Those look to turn October up a notch are in luck. British Dubstep Producer Joshua Steele, better known by his stage name Flux Pavilion, is bringing his the national tour of his debut album Tesla to Webster Hall. Now just because this is his first full LP, that doesn’t mean you haven’t heard his mega hits rattling the bass in every club since 2010. Hits like Cracks (Remix), Gold Dust and of course, I Can’t Stop, have been party anthems in the states since before Steele was allowed to legally enjoy a beer.
It’s a goddamn classy joint. A miniature BAM that looks like a spaceship. A classical music think tank. A creative hub for undiscovered talent. And it’s a non-profit. But you know, there will also be a bar and stuff. Photographer Scott Heins dropped by the 13,000-square-foot space for a preview today, and reports back that the main room has been specifically designed as a space for artists’ rehearsals, recording, and live performance—”every last detail of its acoustic-paneled walls, light fixtures, and rafters have been made with music in mind.” The main room is both recording studio and music hall, with acoustics fitting for both, and at least eight inches of solid concrete separates National Sawdust’s main room from the street outside. [Read more...]
Will he, won’t he? Everyone’s wondering if Hurricane Joaquin is going to ruin our weekends. I would recommend everyone stock up on ice cream just in case, maybe I’ll finally finish Breaking Bad… however, let’s plan for good times and getting outside! After working 12 hour days all week, I’ll be keeping this brief…
Phil Cook and his band The Guitarheels brought sweet Southern sounds to Rough Trade Thursday for the first performance of their two-night tour. Cook has been known in the industry as a great musician for years, but always lending his talents towards another’s vision. Last week, the room was filled with those eager to hear Cook’s debut stepping into the spotlight. Some fans traveled as far as his native Wisconsin to witness is first show supporting Southland Mission – an album built from the journey to find his voice and interpretations of his Southern inspiration. [Read more...]
I recently acquired a Playstation 3 for free. I was pretty amped, except I soon learned that all video games are now interactive films, with runtimes dwarfing Jodoworsky’s Dune. Who has the time and intellectual energy to spare for that? Teenagers, of course, but I’m a grown ass man now. It was hard enough for me to get through Final Fantasy VII when I was twelve.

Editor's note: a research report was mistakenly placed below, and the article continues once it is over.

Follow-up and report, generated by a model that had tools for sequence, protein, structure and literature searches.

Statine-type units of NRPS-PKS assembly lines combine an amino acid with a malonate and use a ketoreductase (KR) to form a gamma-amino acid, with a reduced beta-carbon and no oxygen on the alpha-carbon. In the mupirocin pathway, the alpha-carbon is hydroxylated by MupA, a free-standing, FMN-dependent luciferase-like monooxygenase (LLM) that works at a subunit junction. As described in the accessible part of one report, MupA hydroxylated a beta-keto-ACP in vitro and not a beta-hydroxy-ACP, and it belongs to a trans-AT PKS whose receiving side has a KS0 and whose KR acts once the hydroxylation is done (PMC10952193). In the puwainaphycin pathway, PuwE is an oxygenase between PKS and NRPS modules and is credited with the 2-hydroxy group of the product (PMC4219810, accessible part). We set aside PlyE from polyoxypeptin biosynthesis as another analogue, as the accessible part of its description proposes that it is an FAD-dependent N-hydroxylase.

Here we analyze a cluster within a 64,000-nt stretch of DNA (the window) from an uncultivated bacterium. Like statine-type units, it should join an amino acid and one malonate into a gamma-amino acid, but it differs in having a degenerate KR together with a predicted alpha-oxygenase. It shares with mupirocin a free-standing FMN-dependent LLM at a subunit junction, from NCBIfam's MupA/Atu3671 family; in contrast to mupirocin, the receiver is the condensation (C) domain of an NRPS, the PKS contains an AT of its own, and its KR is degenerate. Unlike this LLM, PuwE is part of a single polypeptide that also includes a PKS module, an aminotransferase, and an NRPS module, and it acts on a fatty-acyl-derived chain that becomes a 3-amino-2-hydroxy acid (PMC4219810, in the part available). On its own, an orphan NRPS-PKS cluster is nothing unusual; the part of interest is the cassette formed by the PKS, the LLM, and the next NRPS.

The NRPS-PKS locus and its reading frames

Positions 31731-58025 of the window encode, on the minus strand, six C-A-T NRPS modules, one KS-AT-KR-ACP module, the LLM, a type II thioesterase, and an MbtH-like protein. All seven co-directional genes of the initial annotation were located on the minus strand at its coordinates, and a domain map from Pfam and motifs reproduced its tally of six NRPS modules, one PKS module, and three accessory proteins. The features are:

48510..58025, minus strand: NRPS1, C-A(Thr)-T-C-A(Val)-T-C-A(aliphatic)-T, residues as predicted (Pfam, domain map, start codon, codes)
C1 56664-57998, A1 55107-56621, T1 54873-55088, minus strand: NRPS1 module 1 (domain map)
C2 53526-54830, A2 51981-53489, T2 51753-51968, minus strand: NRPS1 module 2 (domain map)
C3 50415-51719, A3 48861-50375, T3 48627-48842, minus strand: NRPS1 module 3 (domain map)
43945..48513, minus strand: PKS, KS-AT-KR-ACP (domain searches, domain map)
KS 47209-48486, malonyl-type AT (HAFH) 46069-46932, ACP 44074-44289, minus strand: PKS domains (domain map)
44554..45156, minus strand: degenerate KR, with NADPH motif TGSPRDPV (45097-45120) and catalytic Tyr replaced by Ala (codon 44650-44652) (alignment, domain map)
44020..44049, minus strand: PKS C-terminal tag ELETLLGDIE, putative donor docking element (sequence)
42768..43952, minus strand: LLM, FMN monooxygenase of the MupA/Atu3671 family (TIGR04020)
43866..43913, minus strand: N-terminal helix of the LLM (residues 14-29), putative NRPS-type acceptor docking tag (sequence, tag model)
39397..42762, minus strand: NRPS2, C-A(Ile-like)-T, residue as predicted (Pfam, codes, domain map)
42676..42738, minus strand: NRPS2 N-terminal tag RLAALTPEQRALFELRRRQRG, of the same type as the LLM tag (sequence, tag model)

I feared the box was destined to rot on my TV stand as an also-ran streaming device to my Roku, but fortunately, the seemingly undying millennial nostalgia craze extends rather comfortably into the gaming world, and one of the formative games from my teenage years is being rebooted: Tony Hawk’s Pro Skater.
What made THPS great was that it was both fun as hell and completely open-ended. It invited you to practice combos and lines for hours, unabated in the free skate mode, preparing for marathon battles against your friends. I basically stomped everyone back then. No one could beat me, save for my arch-nemesis, who made the same claim about me. My near-perfect record stood until earlier this year, when I played THPS 2 at Silent Barn and got wrecked in about half a dozen games of graffiti. I don’t like to talk about it.
The other thing that made it great were the soundtracks, which, given the amount of time I wasted throwing Christ Airs (left + right + O) with Rune Glifberg back in 1999, did way more to shape my musical tastes than basically anything else.
Much has changed in the gaming world since August 31, 1999; for one, licensing songs for video games has become big business (arguably because of THPS), but the quality of the soundtracks Activision puts together for its skating series isn’t one of them.Tony Hawk’s Pro Skater 5, which is out today, includes tracks from Cloud Nothings, Death, The Orwells, and Death From Above 1979, so it looks like it stacks up well with the old PS1 discs.
In the spirit of continued greatness (and millennial nostalgia-aping in blog form), I give you a completely biased, unscientific ranking of the Tony Hawk’s Pro Skater soundtracks: [Read more...]
Techno fans have another reason to give thanks this November following the announcement of Time Warp USA‘s valiant return to Brooklyn on November 20th and 21st. This German Festival transplant took place on the edge of Brooklyn last year during one of the most brutal cold snaps of the year. However, this did not stop international fans from partying until dawn on that frosty weekend. This year’s event looks even more promising than the inaugural event, boasting an impressive lineup set to play the historic, converted venue known as the Bedford Armory, located on the corner of Bedford Avenue and Union St. I trust organizers learned from last year and have taken the necessary steps to ensure the appropriate permits in place.